We’ve gone through the most campy college flicks and the coolest school house comedies. Now it’s time to kick it old school. Well, semi-old school. As we wrap up Back to School week here at Cinefilles, we invite you to check out high school dramas from 1980s*. Whether it’s your first time, or your 50th, these totally rad high school sagas will make definitely make the grade.
5) Dead Poets Society
In middle school, almost every teacher I had made me watch this movie, claiming that it was a necessary part of our pre-high school education. They were absolutely right. There are plenty of inspirational boarding school movies out there, but this one, made in 1989, is by far the best.
Dead Poets Society follows a group of buttoned-up teenage boys and the English teacher who opened their eyes to great prose, standing on desks and the fine art of seizing the day. The cast is immaculate (Robin Williams – in his prime!, Ethan Hawke, Robert Sean Leonard, Josh Charles) and their characters’ stories are beyond compelling. Especially Leonard’s, which will crush anyone who has had a parent-disapproved dream. And don’t even try to tell me the phrase “O Captain! My Captain!” doesn’t make you tear up a little.
Remember when Winona Ryder was still uber-famous and making the coolest movies ever? I sure do, and to quote the late great Rich Cronin (He may have stolen your honey like he stole your bike and or admitted to liking girls that wear Abercrombie and Fitch), I bug – cause I miss it. One of her best from way-back-when has to be Heathers (1989).
This deadly dark teen movie deals with sex, booze and suicide but in a deliciously subversive, snarky and shamelessly self-aware way. Ryder plays Veronica, one fourth of the Heathers, a group of popular, shoulder-pad loving, same-named girls, who just love to make their peers lives a living hell. When V meets James Dean wannabee JD (the sexiest Christian Slater ever, next to True Romance) and realizes how totally terrible her really frenemies are, she turns into an amateur homicidal maniac, using Drano and strategically styled suicide notes to end their friendship once and for all. If you don’t like the sounds of that summary, I’ve just got one question for you. What’s your damage?!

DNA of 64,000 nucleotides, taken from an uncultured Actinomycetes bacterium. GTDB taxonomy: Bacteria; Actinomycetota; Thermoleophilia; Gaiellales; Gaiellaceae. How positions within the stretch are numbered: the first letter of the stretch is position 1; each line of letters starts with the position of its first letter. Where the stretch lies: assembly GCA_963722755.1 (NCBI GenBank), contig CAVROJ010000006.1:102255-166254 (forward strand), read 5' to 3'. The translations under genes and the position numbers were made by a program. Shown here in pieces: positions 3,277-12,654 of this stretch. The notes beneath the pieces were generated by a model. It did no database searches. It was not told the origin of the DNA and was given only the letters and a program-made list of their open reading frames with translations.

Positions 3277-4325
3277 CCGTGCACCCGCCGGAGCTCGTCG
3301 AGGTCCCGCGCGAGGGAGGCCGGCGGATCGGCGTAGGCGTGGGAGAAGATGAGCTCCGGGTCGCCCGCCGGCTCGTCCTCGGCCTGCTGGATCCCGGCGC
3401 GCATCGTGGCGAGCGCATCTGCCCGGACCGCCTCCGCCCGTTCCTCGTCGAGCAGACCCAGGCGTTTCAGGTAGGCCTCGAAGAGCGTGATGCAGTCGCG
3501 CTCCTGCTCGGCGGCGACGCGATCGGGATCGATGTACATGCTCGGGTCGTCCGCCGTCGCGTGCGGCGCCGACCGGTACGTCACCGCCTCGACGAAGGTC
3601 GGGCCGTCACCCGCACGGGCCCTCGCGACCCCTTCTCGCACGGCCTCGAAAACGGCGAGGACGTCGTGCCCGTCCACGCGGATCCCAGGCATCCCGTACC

3) Fast Times at Ridgemont High
When it comes to mid-80s movies, all I need are some tasty buds, a cool wave, and a cameo by a bleach-blonde Sean Penn and I’m beyond fine. And Fast Times at Ridgemont High has all that and more. It’s the quintessential high school sex comedy, taking such then-taboo teen issues like masturbation, cherry popping and oral sex uh, head on. With a legendary soundtrack (Tom Petty! Stevie Nicks! The Cars!) and awesome performances by Phoebe Cates, Jennifer Jason Leigh, Judge Reinhold and of course, Penn, this Cameron Crowe-penned, Amy Heckerling-directed flick is a teenage dream and a half.
Next time you want to watch Superbad, pop in this classroom classic and say aloha to the awesomeness that is Mr. Hand, Mike Damone and Spicoli. Learn it. Know it. LOVE it.
2) Fame (1980)
In the Glee generation, where public schools are clamoring to keep up with the zeitgeist and get creative with their extracurriculars, art school movies seem sort of indulgent. That’s why last year’s remake of the 1980 classic, Fame failed so epically. But that doesn’t mean you should count out the original, which is almost too good to be deemed a high school movie.
Fame lives up to it’s Oscar-winning theme song. It’ll make you remember (Remember. Remember!) it’s name. The gritty, semi-musical drama takes us through a four-year stint at the New York City High School for the Performing Arts. Over the course of the two-hour film, we get to watch a selected slew of artistic hopefuls – including beautiful belter, Coco, cheeky comedian, Ralph, overachieving actrice, Doris, and shy stage man, Montgomery – attempt to find their star power. But unlike the kids in the remake, their stories aren’t cheesy or overly hopeful. They’re painfully real, full of freak-outs, slip-ups and flat-out failures.And yes, occasionally they like to dance on cabs.
1) The Breakfast Club
Are you a brain, a basketcase, a princess, an athelete or a criminal? Or are you all of them at once?
These are just two of the questions posed by the detention room rats in the John Hughes teen angst opus, The Breakfast Club. But they`re enough to take us back to the days when the talking back to adults was badass and the worst thing in the world was getting a B. Hughes may have done just as well with his two other Molly Ringwald high school flicks (Who doesn`t love Pretty in Pink and Sixteen Candles? ), but this is the one that still really matters. Because it appeals to the neo max zoom dweebie in all of us who, above all, just wants to be remembered.
*Yes, yes are plenty more teen-themed 80s movies that could have made the cut. But they didn’t take place in an actual classroom, so they were disqualified.*